As with the Black Alps, there are "Complicated" and "Simplified" White Alps. The two most popular Simplified White Alps switches are the Fukkas and the XM. The XM is almost universally considered to be a terrible switch; it was used in some older Filco Zero models and some vintage keyboards as well. But the Fukka switch is quite popular, and some people prefer them over the "Complicated" version. The Fukka White Alps are used in some current production keyboards such as today's Filco Zero. The Complicated White Alps were used on some well-made keyboards from the 90s such as the Northgate and Focus keyboards.

There is also a variety of switches that are similar to the White Alps, but of varying quality. Some are considered very pleasant to type on, such as the SMK Montereys. Some even prefer the SMK Montereys over the Cherry MX Blues!



Topre Capacitive
picture.php?albumid=3859&pictureid=22304(larger image)
Type:
Tactile, Non-Clicky
Link: Patent
Tactile: Yes
Clicky: No
Actuation Force: 30g, 35g, 45g, 55g depending on model (Force Diagram)
Key Travel: 4mm
The Topre Capacitive switches are capacitive by nature, and they are basically a hybrid switch between mechanical and rubber dome. This switch type uses a spring underneath a rubber dome (side-view diagram); the depression of the spring causes a change in capacitance between the underlying capacitor pads. So actuation occurs as a result of this change in capacitance.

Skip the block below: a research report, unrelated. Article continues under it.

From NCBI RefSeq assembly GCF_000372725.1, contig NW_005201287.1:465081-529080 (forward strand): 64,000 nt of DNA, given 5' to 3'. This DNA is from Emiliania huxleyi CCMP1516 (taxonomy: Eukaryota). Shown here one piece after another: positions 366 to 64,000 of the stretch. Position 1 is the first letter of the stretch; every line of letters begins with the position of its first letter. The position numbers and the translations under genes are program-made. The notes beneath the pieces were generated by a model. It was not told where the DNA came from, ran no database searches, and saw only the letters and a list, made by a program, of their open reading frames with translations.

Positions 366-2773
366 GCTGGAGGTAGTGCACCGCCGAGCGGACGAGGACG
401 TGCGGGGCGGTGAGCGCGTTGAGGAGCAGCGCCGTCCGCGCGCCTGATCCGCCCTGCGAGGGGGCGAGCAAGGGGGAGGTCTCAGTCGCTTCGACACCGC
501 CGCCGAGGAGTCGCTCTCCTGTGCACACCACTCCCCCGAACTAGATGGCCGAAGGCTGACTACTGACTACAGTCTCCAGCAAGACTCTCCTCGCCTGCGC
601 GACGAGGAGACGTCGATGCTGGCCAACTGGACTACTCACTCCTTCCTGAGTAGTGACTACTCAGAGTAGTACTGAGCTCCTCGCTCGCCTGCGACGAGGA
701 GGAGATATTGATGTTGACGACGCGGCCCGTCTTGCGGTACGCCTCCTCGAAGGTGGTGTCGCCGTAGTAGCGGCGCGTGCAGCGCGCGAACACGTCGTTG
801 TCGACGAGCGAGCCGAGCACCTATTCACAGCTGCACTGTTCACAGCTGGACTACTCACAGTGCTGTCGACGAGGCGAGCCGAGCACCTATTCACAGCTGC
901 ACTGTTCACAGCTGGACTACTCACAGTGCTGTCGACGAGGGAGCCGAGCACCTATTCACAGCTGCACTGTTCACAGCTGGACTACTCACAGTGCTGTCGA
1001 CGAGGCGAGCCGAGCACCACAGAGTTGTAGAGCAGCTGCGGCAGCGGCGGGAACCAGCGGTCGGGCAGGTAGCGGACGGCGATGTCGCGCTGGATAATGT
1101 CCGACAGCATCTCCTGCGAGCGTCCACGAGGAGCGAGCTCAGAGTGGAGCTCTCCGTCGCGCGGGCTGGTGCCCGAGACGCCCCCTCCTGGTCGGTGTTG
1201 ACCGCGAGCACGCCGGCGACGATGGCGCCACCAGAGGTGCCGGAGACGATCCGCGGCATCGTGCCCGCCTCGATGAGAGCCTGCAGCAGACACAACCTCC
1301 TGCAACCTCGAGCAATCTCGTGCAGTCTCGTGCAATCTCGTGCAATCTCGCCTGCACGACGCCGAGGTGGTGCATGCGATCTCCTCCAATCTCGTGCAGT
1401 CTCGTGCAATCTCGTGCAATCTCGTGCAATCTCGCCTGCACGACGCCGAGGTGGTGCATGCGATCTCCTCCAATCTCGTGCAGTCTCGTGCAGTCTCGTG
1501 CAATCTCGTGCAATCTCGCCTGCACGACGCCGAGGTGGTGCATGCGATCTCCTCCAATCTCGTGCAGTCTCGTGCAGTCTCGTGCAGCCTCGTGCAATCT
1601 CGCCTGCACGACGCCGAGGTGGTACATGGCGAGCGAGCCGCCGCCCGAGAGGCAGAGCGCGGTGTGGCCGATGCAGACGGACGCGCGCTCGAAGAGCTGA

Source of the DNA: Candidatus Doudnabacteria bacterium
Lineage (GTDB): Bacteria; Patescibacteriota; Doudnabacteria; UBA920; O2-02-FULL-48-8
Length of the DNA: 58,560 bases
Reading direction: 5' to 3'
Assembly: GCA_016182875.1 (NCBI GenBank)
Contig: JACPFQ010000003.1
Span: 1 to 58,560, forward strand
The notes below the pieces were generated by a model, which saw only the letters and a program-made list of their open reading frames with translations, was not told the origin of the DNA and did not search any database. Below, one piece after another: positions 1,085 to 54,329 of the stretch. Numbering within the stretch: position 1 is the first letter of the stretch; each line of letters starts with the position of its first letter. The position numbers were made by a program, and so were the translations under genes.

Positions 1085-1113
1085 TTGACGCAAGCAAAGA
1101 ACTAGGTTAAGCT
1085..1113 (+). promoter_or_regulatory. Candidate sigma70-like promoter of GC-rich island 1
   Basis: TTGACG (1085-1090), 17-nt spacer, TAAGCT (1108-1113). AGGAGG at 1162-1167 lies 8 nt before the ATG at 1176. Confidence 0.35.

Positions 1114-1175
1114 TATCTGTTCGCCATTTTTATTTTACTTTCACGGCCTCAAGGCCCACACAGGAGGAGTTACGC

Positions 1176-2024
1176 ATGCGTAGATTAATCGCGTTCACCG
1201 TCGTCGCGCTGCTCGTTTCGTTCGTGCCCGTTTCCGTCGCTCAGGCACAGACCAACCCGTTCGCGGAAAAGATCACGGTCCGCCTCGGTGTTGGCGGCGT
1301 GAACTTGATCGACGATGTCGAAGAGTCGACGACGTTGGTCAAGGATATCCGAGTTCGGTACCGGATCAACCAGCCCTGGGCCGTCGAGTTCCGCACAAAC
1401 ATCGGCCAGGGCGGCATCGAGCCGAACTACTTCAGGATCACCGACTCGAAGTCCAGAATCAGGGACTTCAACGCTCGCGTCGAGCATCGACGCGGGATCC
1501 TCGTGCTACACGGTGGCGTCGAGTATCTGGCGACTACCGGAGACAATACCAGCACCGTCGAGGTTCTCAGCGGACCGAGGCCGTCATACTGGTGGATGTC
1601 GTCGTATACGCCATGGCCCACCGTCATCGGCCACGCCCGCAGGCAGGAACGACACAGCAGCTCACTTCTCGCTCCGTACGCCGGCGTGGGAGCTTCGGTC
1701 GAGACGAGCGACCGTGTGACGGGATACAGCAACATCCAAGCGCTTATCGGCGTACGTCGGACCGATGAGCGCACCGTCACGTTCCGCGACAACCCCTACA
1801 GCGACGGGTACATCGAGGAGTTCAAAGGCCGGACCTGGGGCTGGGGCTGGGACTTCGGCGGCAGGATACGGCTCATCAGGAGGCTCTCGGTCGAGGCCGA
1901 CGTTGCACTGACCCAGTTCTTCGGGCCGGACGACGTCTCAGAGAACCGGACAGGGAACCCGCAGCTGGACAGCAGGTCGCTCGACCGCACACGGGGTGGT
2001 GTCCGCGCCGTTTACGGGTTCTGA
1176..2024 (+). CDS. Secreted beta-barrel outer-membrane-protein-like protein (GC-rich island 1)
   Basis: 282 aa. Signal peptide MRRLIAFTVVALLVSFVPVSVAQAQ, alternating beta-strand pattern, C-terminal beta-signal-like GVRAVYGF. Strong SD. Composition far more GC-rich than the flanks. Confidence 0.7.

Topre Capacitive switches are considered by many to be the finest switches available because they offer a very enjoyable typing experience with a much quieter sound, even when bottoming out. These switches also have the smoothest force gradient, even when compared to linear switches like Cherry MX Reds and Blacks!


But I just spent the last several hours on this, so I think I need to take a break. smile.gif

Edit: The Noppoo Choco Mini has proven true NKRO as shown by that common keyboard testing utility everyone here loves. However, I'm not going to spend the time trying to find that post!
Edited by TwoCables - 3/9/11 at 12:52pm
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post #11378 of 14567
Quote:
Originally Posted by TwoCables;12665423 

Edit: The Noppoo Choco Mini has proven true NKRO as shown by that common keyboard testing utility everyone here loves. However, I'm not going to spend the time trying to find that post!